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1 — 50 / 771
  1. S. Paul Kashap (ed.) (1972). Studies in Spinoza, Critical and Interpretive Essays. Berkeley,University of California Press.
    Spinoza's Doctrine of God in Relation to His Conception of Causality TM Forsyth T, he truest vision ever had of God came, perhaps, here. ...
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  2. Sydney Shoemaker (1963). Self-Knowledge and Self-Identity. Cornell University Press.
  3. Basil Willey (1940). The Eighteenth-Century Background: Studies on the Idea of Nature in the Thought of the Period. Harmondsworth,Penguin.
  4. John W. N. Watkins (1973). Hobbes's System of Ideas: A Study in the Political Significance of Philosophical Theories. Hutchinson.
  5. Harry G. Frankfurt (1976). Leibniz: A Collection of Critical Essays. University of Notre Dame Press.
    Broad, C. D. Leibniz's predicate-in-notion principle and some of its alleged consequences.--Couturat, L. On Leibniz's metaphysics.--Friedrich, C. J. Philosophical reflections of Leibniz on law, politics, and the state.--Curley, E. M. The root of contingency. Furth, M. Monadology.--Hacking, I. Individual substance.--Hintikka, J. Leibniz on plenitude, relations, and the "reign of law."--Ishiguro, H. Leibniz's theory of the ideality of relations.--Kneale, M. Leibniz and Spinoza on activity.--Koyré, A. Leibniz and Newton.--Lovejoy, A. O. Plenitude and sufficient reason in Leibniz and Spinoza.--Mates, B. Leibniz on (...)
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  6. Norman Malcolm (1972). Problems of Mind: Descartes to Wittgenstein. London,Allen and Unwin.
  7. Louis Joseph Halle (1972). The Ideological Imagination: Ideological Conflict in Our Time and its Roots in Hobbes, Rousseau and Marx. Quadrangle Books.
  8. Gottfried Wilhelm Leibniz (1951). Selections. New York, Scribner.
  9. Iain Hampsher-Monk (1992). A History of Modern Political Thought: Major Political Thinkers From Hobbes to Marx. Oxford, Uk ;Blackwell.
    It is an indispensable secondary source which aims to situate, explain, and provoke thought about the major works of political theory likely to be encountered ...
  10. B. H. G. Wormald (1993). Francis Bacon: History, Politics, and Science, 1561-1626. Cambridge University Press.
    Brian Wormald provides a fundamental reappraisal of one of the most complex and innovative figures of the late-Elizabethan and Jacobean age. In the centuries since his death, Francis Bacon (1561-1626) has been perceived and studied as a promoter and prophet of the philosophy of science--natural science--but he saw himself also as a clarifier and promoter of what he called "policy" or the study and improvement of the structure and function of civil states. Mr. Wormald shows that Bacon was concerned equally (...)
  11. Dennis O'Keeffe (2010). Edmund Burke. Continuum.
    Major Conservative and Libertarian Thinkers provides comprehensive accounts of the works.
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  12. T. C. Williams (1968). The Concept of the Categorical Imperative: A Study of the Place of the Categorical Imperative in Kant's Ethical Theory. Oxford, Clarendon P..
  13. Lewis White Beck (ed.) (1972). Proceedings of the Third International Kant Congress. Dordrecht,Reidel.
    DIE KANTLITERATUR 1965-1969 I. STATISTISCHE ÜBERSICHT Zu Beginn meiner Ausführungen möchte ich Ihnen einen kurzen Überblick über den Umfang und die ...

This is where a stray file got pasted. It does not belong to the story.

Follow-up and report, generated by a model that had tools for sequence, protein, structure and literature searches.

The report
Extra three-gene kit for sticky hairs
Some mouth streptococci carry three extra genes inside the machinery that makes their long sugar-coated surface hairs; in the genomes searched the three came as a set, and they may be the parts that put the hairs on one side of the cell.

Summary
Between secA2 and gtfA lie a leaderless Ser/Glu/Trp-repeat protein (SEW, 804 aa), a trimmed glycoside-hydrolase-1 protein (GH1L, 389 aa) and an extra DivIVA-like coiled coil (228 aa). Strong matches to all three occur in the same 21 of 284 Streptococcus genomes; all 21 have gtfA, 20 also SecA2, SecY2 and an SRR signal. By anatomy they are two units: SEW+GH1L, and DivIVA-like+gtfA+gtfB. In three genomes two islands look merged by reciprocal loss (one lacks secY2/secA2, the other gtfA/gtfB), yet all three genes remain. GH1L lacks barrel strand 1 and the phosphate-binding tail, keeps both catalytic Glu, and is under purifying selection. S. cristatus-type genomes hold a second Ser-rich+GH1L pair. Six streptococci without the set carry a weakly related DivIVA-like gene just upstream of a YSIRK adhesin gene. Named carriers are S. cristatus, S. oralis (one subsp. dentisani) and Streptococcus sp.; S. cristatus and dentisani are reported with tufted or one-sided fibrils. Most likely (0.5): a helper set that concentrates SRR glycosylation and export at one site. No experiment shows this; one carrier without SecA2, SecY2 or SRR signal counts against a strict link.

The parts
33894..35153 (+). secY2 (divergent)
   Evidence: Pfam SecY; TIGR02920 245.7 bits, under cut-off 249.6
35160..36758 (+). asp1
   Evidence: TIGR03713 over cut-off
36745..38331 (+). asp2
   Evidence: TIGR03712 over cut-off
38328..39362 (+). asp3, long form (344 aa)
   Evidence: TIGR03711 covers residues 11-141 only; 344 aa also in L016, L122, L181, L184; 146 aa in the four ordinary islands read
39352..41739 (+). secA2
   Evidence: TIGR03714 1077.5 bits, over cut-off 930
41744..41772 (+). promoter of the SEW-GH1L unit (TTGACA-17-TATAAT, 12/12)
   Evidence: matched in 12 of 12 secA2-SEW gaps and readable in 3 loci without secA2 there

14. Onora O'Neill (1975). Acting on Principle: An Essay on Kantian Ethics. Columbia University Press.
    'Two things', wrote Kant, 'fill the mind with ever new and increasing admiration and awe: the starry heavens above and the moral law within'. Many would argue that since Kant's day, the study of the starry heavens has advanced while ethics has stagnated, and in particular that Kant's ethics offers an empty formalism that tells us nothing about how we should live. In Acting on Principle Onora O'Neill shows that Kantian ethics has practical as well as philosophical importance. First published (...)
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  15. V. C. Chappell (1968). Hume. Melbourne,Macmillan.
  16. Immanuel Kant (1968). Selected Pre-Critical Writings and Correspondence with Beck. New York, Barnes & Noble.
  17. R. Douglas Geivett & Brendan Sweetman (eds.) (1992). Contemporary Perspectives on Religious Epistemology. Oxford University Press.
    This unique textbook--the first to offer balanced, comprehensive coverage of all major perspectives on the rational justification of religious belief--includes twenty-four key papers by some of the world's leading philosophers of religion. Arranged in six sections, each representing a major approach to religious epistemology, the book begins with papers by noted atheists, setting the stage for the main theistic responses--Wittgensteinian Fideism, Reformed epistemology, natural theology, prudential accounts of religious beliefs, and rational belief based in religious experience--in each case offering a (...)
  18. Nicholas Rescher (1973). The Primacy of Practice. Oxford,Blackwell.
  19. David Grant (2009). The Mythological State and its Empire. Routledge.
    Probing the work of key political thinkers from Hobbes to Rawls, this book examines the state as a real, mythological entity. This groundbreaking work explores the contradictions of our views towards, and interactions with the state and will be of interest to scholars of sociology, politics, philosophy and law.
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  20. Charles Sherrard MacKenzie (1973). Pascal's Anguish and Joy. New York,Philosophical Library.
  21. Eduardo Giannetti Fonsecdaa (1991). Beliefs in Action: Economic Philosophy and Social Change. Cambridge University Press.